8 Things I’ve Learnt About Raising Girls

28 October 2015

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Five years ago when my obstetrician placed a red and wriggly little baby on my chest, I asked him what it was.

‘It’s a girl!’ he replied excitedly.

‘A girl!?’ I answered in disbelief.

For some reason, I always thought I’d have boys. Two years later, another pink bundle of joy was placed on my chest. My husband and I were thrilled to bits to be blessed with two little girls and our house has not been the same since.

My eldest has very much been a girly girl wearing a princess costume every second day. She prances, twirls and spins around the house and has immersed herself in ballet, jazz and tap. Pink is her favourite colour and she loves to accessorise.

My second daughter couldn’t be more different. She thinks Disney Princesses are a total yawn-fest. She stalks through the house pretending to be a dinosaur or ghost and refuses to wear pink.

Regardless of their individual tastes, there are things that my little girls have in common. This is what I’ve learnt over the past five years raising girls.

You can never find a hairband when you need it

You will buy a million hairbands in your lifetime as a parent of girls, but you will never be able to find one when you need it. These things seem to have a life of their own. Top tip: Buy hairbands in bulk.

Do you want to build a snowman?

Frozen will take over your household. You will be subjected to watching the movie several thousand times. You will listen to Let it go several million times and YOU will practice lip-synching Love is an open door in front of the mirror.

The talking never stops

From dawn to dusk, you will have a little one following you around asking you questions, telling you about their day, and asking you about your day. If they’re not talking to you, they will be talking to their toys, or better yet, their imaginary friends.

They squeal – All. The. Time.

Excitement reaches peak levels in our household on a regular basis and you know what little girls do when they’re excited? They squeal. Close your ears because these squeals are so high-pitched dogs in neighbouring suburbs can hear them.

They choose their clothes

From an early age, both of my girls have been particular about what they wear. One of them prefers to dress as a ‘walking rainbow,’ while the other refuses to wear anything other than a t-shirt and shorts. They don’t care if the colours match, they only care that they chose it.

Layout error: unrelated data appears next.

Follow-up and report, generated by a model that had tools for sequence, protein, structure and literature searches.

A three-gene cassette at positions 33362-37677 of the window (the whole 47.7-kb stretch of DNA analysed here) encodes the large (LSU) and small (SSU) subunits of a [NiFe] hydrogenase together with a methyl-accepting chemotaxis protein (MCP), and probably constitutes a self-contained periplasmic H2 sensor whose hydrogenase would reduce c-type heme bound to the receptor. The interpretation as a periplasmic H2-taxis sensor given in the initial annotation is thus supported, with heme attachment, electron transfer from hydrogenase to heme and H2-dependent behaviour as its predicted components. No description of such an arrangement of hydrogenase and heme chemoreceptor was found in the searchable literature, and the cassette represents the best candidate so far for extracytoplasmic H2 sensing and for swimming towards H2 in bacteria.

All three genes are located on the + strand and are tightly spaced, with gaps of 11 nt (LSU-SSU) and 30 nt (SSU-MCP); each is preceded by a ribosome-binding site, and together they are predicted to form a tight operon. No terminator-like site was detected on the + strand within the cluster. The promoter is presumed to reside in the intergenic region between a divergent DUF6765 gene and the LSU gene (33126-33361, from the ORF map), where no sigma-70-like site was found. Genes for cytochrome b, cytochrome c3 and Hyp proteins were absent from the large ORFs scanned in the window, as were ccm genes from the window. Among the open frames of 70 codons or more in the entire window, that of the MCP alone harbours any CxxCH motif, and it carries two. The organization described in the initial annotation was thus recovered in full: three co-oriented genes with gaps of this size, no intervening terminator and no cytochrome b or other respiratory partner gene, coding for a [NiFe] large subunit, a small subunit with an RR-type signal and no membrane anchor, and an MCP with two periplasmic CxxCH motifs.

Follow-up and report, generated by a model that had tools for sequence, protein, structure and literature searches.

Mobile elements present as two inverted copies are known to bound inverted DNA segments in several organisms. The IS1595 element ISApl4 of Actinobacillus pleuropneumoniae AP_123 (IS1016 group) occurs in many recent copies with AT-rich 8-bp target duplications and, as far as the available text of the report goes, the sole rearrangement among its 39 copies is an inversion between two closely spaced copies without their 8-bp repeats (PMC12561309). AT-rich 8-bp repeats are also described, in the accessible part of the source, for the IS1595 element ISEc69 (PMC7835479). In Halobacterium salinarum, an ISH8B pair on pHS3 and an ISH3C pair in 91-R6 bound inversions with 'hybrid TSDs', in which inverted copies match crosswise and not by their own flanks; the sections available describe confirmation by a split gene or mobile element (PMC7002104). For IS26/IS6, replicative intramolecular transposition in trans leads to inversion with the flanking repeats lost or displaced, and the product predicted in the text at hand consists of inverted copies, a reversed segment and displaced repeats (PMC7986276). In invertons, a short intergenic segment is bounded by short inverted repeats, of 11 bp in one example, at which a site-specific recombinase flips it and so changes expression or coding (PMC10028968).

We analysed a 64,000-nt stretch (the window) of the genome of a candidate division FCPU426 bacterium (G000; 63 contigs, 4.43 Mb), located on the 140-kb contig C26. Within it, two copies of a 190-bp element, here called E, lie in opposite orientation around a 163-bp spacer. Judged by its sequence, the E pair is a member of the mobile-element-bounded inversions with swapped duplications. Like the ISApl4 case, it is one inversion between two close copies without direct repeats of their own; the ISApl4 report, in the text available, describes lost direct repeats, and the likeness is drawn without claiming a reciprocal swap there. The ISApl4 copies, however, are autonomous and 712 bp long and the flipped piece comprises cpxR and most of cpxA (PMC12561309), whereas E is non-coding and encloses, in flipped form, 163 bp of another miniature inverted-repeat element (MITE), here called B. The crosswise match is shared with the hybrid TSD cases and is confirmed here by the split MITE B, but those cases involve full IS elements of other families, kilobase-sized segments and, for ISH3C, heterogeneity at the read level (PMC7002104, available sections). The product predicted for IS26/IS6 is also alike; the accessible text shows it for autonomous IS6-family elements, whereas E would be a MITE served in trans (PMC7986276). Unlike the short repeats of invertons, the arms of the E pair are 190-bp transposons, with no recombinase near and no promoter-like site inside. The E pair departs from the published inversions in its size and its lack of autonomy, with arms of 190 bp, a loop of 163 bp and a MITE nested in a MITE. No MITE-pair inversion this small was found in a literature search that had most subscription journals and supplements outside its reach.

There will be tears

I don’t think my husband has heard so much crying in his life. Little girls, and their mums, can be emotional. They can cry at the drop of the hat and aren’t afraid to tell you that you’ve hurt their feelings. They feel things deeply and dramatically.

Girls can do anything

When we noticed our eldest saying things like ‘Boys are stronger than girls,’ and ‘only boys can climb,’ we paid more attention to showing our girls just how strong their little bodies are. We continually remind them they can do anything they put their minds to and that they are just as strong, brave, smart and capable as boys.

They can wrap you around their little finger

With a smile and a blink of the eye they can melt you in a heartbeat. Fact.

What have you learnt about raising girls?

Written by

Renee Wilson

Renee Wilson is a mummy, a wife, and a woman on a journey of rediscovery. Read her blog at www.mummywifeme.com

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  • Guest - LAS OZ
    Totally agree. My girls are 16 months apart. Frozen is our anthem of sisterhood, nonstop talking 24/7 im not kidding youngest talks in her sleep, hair elastics are a life force of there own, tears every five minutes and sqeals to break the sound barrier. How do i survive? A never empty cup of coffee and putting myself in time out! Same rules apply as for little girls no talking to person in time out and person in time out must be silent and calm to leave timeout.

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